Wednesday, November 25, 2015

Monday, November 23, 2015

Mushroom Monday

As the days shorten and the air cools, I'm still spying forest fungi...

I think these are Turkey Tails

I'm unsure about these and the few below...They look like puffballs but never appeared white to me. So if they are puffballs they were already past their prime for edibility.

Sunday, November 22, 2015

Ramble Around Ireland #3: Tollymore Forest Park

I have an affinity for ancient trees, branches hung at impossible angles, carpets of moss, and green forest light. Tollymore Forest Park just outside Newcastle, County Down, Ireland is a place of my dreams. We arrived early in the crisp morning, entering through a neo-Gothic arched gate. The forest is full of follies. In architecture, a folly is an extravagant structure or building that is built primarily for ornamentation with no real purpose or look different than their real purpose.  Most of Tollymore's follies were built in the late 1700s by James Hamilton.

Just on of the many follies.

We took the trail that skirted the River Shimna and passed through The Hermitage. This seemingly ancient abode was built around 1770 by Hamilton as a stone shelter to be used while fishing.

The Hermitage

The Hermitage

The Hermitage
The forest, the follies, and more that fifteen bridges: an epic kids (and grown up kids) to explore. There is an air of myth and legend all about this forest - Robin Hood hiding in the Hermitage, trolls collecting tolls at bridges, fairy and elfin abodes hidden about. (And for fantasy fanatics, some Game of Thrones scenes were filmed here). We visited near the end of October so the trees had an autumnal glow to them and the paths were strewn with gold leaves. We spent the first half of the day here and could have easily lingered until the half light of dusk when we may have spied the mythical folk of the forest.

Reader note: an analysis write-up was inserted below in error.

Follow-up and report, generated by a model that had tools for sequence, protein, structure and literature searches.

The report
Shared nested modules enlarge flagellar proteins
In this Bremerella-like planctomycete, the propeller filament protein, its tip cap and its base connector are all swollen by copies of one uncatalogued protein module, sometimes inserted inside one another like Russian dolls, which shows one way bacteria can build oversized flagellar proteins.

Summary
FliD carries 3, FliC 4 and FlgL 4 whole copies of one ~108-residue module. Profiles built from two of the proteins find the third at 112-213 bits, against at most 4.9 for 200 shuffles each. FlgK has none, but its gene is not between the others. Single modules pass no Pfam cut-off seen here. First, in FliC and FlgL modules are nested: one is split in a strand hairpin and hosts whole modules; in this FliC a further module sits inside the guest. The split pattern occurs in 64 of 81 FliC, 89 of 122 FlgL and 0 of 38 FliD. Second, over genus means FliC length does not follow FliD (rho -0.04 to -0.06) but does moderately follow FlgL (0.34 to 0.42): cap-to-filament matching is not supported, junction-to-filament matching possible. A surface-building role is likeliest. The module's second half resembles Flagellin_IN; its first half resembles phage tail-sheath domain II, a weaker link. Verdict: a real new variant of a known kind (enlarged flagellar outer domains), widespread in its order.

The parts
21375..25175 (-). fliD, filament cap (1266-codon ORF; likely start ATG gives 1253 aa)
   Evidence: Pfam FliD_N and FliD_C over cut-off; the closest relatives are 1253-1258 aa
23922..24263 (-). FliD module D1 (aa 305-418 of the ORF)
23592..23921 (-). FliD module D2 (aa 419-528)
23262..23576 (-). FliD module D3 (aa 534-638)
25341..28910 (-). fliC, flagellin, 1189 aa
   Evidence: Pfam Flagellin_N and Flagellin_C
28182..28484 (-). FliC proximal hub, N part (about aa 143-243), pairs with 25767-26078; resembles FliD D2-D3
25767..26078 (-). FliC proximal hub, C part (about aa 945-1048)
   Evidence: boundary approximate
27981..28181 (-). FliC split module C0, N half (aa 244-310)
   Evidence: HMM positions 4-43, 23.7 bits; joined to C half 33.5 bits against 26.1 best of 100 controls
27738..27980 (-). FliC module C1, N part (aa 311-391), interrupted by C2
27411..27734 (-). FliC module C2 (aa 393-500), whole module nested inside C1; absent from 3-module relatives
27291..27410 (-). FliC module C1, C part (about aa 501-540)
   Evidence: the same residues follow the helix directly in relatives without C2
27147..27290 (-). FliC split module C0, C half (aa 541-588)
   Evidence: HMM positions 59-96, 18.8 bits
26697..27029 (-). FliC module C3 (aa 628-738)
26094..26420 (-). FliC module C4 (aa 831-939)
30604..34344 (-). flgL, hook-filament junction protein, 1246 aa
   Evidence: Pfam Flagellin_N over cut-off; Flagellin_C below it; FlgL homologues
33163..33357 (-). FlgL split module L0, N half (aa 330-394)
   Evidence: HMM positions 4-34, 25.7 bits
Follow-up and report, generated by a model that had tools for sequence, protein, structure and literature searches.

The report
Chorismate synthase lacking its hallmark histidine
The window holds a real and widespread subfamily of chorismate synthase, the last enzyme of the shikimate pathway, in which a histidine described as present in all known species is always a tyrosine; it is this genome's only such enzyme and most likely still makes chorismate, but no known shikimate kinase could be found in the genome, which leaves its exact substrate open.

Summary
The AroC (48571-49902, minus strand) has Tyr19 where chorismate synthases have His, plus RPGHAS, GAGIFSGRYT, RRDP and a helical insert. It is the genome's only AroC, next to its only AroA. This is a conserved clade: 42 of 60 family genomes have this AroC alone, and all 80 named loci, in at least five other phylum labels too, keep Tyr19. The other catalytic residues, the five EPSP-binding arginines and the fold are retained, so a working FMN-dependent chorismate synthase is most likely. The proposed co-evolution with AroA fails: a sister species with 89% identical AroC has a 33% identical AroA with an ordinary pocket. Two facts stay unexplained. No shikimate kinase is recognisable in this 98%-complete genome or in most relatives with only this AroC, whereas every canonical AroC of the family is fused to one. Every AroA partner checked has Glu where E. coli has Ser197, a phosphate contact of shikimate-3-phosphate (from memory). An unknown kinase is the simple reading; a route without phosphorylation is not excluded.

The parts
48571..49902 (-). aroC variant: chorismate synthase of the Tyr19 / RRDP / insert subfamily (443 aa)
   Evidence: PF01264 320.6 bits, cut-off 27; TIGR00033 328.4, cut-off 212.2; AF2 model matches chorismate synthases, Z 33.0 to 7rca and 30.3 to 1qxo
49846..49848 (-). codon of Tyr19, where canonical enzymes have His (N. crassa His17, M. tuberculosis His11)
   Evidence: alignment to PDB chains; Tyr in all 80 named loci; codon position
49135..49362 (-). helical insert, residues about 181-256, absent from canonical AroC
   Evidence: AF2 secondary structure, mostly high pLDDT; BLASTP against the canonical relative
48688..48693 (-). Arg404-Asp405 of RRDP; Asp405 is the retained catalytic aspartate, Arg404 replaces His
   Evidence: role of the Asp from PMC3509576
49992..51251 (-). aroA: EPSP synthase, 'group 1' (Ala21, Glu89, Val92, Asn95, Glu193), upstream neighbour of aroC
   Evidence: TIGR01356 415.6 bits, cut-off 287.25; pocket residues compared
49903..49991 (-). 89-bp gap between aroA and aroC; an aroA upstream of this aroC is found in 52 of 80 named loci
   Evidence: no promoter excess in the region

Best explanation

Near the car park is an arboretum with amazing and exotic trees. I recall an ancient Yew, a Cork Tree, and some stunning, towering evergreens. There are public toilets at the car park (much appreciated). There are a few more follies upon exiting including a barn dressed up like a Gothic style church. I believe it cost 5 euros to use the car park, otherwise the forest is free. Possibly the best 5 euro spent on our trip. Tollymore was an immediate favorite of ours. An absolute must if you are anywhere near county Down, which is packed with a lot of other great sites.  

Ethereal morning light
Presumably a Gothic-arched door to Faerie

Stepping stones across the river. There were several sets of these.

The Mourne Mountains in the distance.

Sunday, November 15, 2015

Traveling Tiny Traditions

I hate to fast forward a month or so but the holidays are fast approaching. With them come our yearly traditions, ones we've had for ages, others we create new. There are freshly made Traveling Tiny Journals in my shop now which make great gifts and stocking stuffers and can be worn on a necklace or fastened to a keychain. They are also a great way to begin a new tradition.

There are many things you may want to scroll in these tiny volumes: